Our flight to San Francisco takes off in under an hour, but here we were, the three of us, bouncing along a foggy Cross Island Parkway with a stuffed trunk on route to John F. Kennedy Airport.
Eyes closed, I was half-asleep and sunk into the backseat like a full-grown baby. Maybe I was low on juju, no doubt blind to the grey sky, but at least mesmerized by the cadence of rubber tires thumping on asphalt. Since I was a kid, bumpy roads always knocked me out. And it didn't help that Danielle and I were up, almost all night, stuffing half-broken suitcases with who knows what. We were too wiped out to drive. Thankfully, Pearl offered one of her many motherly services.
"Maybe you can... hurry the fuck up?!" pleaded Danielle from her front-seat nap.
My wife was nervous. Her mother Pearl was rambling at the wheel again, distracted from the task at hand. Our timeline called for aggression - those kinds of maneuvers you'd see from basically any New York taxi driver - the slide, the swerve, the skid - the moves my grandfather pulled when rushing the lawyer, the kid, the soon-to-be president Nixon (true story), who was ten minutes late for a court hearing that one random summer day in 1960-something - but my mother-in-law? She was in no rush. She was on cruise control in the right lane at 49 miles per hour raving about Juneteenth and how the concept of time zones should be abolished.
Our giddy-ups and our soon-to-be forgotten words got sucked out the windows, sucked back to feed the roadside trees with a dose of anxiety.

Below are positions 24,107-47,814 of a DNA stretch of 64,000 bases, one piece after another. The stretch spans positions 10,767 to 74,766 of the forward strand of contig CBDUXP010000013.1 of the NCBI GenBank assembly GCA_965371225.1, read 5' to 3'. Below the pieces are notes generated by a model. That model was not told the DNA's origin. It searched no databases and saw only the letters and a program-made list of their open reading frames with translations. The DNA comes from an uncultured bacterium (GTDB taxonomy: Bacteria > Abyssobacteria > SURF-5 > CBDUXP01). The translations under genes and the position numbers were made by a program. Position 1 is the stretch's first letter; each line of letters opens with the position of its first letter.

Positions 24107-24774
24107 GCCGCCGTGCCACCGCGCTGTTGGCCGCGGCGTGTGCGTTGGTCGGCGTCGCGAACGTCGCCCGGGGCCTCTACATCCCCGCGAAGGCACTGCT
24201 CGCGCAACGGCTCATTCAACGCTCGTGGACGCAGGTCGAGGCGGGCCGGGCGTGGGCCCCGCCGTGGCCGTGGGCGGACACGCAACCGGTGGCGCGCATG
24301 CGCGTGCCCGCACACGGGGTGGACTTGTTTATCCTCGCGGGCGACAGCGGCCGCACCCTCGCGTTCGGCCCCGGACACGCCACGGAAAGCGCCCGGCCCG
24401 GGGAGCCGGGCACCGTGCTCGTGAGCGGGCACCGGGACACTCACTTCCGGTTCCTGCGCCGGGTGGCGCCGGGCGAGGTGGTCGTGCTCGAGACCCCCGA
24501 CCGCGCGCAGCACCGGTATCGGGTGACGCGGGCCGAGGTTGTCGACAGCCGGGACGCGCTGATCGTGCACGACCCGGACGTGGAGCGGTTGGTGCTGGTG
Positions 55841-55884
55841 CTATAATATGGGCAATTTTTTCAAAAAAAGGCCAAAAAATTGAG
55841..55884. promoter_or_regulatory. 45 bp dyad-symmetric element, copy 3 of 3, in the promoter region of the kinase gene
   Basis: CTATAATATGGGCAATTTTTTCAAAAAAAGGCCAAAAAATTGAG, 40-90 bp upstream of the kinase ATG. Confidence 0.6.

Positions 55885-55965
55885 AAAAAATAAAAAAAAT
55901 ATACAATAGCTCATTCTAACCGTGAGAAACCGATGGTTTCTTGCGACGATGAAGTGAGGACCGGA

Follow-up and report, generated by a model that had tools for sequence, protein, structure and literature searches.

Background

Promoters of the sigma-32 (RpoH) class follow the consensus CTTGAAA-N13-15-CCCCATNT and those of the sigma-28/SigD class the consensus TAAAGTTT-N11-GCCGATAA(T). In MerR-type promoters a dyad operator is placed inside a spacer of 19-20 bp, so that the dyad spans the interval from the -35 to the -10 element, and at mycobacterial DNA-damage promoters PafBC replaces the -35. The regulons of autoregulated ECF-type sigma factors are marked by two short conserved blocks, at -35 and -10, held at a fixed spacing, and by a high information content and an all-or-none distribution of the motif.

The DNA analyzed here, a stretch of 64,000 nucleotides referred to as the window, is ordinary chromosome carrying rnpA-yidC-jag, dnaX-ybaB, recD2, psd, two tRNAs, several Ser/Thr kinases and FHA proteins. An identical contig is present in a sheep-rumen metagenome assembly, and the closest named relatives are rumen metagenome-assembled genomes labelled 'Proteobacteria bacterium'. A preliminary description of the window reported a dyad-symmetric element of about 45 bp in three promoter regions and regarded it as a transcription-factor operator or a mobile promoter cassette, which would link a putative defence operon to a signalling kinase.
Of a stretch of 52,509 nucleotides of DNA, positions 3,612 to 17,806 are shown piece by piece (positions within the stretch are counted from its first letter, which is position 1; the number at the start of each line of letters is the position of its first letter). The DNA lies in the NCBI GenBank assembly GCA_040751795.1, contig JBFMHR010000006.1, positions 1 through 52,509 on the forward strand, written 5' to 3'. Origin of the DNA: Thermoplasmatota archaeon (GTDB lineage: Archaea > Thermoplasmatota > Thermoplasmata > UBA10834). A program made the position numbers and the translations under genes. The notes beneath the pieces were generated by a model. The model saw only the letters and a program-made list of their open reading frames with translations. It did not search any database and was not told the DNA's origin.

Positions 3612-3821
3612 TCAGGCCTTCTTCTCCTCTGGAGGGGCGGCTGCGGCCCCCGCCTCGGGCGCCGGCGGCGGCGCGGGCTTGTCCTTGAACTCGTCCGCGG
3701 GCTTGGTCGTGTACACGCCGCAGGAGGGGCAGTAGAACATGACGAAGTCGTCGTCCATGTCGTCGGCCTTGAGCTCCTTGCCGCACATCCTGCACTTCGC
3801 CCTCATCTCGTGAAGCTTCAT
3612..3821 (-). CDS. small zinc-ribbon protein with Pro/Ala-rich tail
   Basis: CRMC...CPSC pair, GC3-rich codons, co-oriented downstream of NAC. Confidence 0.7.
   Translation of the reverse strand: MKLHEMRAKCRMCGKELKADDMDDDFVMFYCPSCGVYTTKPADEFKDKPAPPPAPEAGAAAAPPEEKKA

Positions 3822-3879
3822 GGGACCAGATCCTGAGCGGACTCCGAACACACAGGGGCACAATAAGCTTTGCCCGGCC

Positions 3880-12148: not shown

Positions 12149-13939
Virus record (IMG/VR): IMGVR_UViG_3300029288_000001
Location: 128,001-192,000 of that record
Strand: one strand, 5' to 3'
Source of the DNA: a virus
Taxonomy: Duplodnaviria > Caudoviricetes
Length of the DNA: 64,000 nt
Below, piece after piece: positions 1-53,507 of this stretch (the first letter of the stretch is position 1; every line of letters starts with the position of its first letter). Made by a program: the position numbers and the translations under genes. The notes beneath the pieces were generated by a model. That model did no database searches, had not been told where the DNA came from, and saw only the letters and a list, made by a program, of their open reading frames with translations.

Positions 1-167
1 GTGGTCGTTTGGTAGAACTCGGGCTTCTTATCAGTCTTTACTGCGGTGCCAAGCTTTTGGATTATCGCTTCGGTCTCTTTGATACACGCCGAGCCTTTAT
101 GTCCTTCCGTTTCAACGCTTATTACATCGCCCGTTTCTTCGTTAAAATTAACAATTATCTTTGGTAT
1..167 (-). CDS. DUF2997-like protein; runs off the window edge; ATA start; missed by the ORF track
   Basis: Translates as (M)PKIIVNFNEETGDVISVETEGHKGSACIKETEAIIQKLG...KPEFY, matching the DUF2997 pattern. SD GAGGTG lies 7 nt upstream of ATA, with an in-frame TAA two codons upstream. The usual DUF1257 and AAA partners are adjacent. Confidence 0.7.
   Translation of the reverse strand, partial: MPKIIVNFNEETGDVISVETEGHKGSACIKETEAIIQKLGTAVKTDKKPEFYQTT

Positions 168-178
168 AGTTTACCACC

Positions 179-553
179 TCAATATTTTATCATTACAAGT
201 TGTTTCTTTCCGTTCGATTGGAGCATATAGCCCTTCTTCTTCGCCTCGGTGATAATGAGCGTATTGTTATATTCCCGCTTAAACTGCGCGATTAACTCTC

The parkway really does sounds aggressive when you're right in the thick of it - the honks and the shouts, the cranked music and cracked engines, the cries of an ambulance and a mother after a Honda Civic pileup - but from just 500 feet away, where the three of us live together in perfect harmony, if you sit in the dog-piss backyard, close your eyes, and meditate from the red-and-white striped TJ Maxx lawn chairs, the nasty hissings of the Cross Island orchestra blend together into a white noise that can easily be mistaken for a peaceful river.
Our journey down this winding stream of frozen tar fell short on inspiration. It was littered with LED signs that blinked "COVID Tests Available." Under the grey sky was a Super 8 motel, covered in fake Venetian roof tiles, and swarming with unmasked rabbit-humans, recently woken from hibernation and looking to fuck anything with legs. Antennas, Mitsubishis, painted white lines, and lamp posts droned on by. Architects call this "junk space." It's that incoherent chatter between FM radio stations, neither music, nor silence.
But where Danielle and I were headed, up into the high mountains of north California, we'd find the real rivers, and lakes, and those beautiful forms we've only ever seen through computer wallpapers. We'd confirm if the hidden meadows on the backside of haunted Indian mountains exist! (And whether or not they're flooded with chakra-hungry panthers of the fifth dimension.) When legends and crooked geology scare developers from building casinos and tree houses, it creates a void, giving hotspot-pilgrims a taste of absolute silence, making their ears ring like a broken Intel processor, triggering an altitude-induced factory reset, making them vulnerable - defenseless from fresh visions that will assault their minds like machine-gun Twitter wisdom.
We're overdue for a vacation.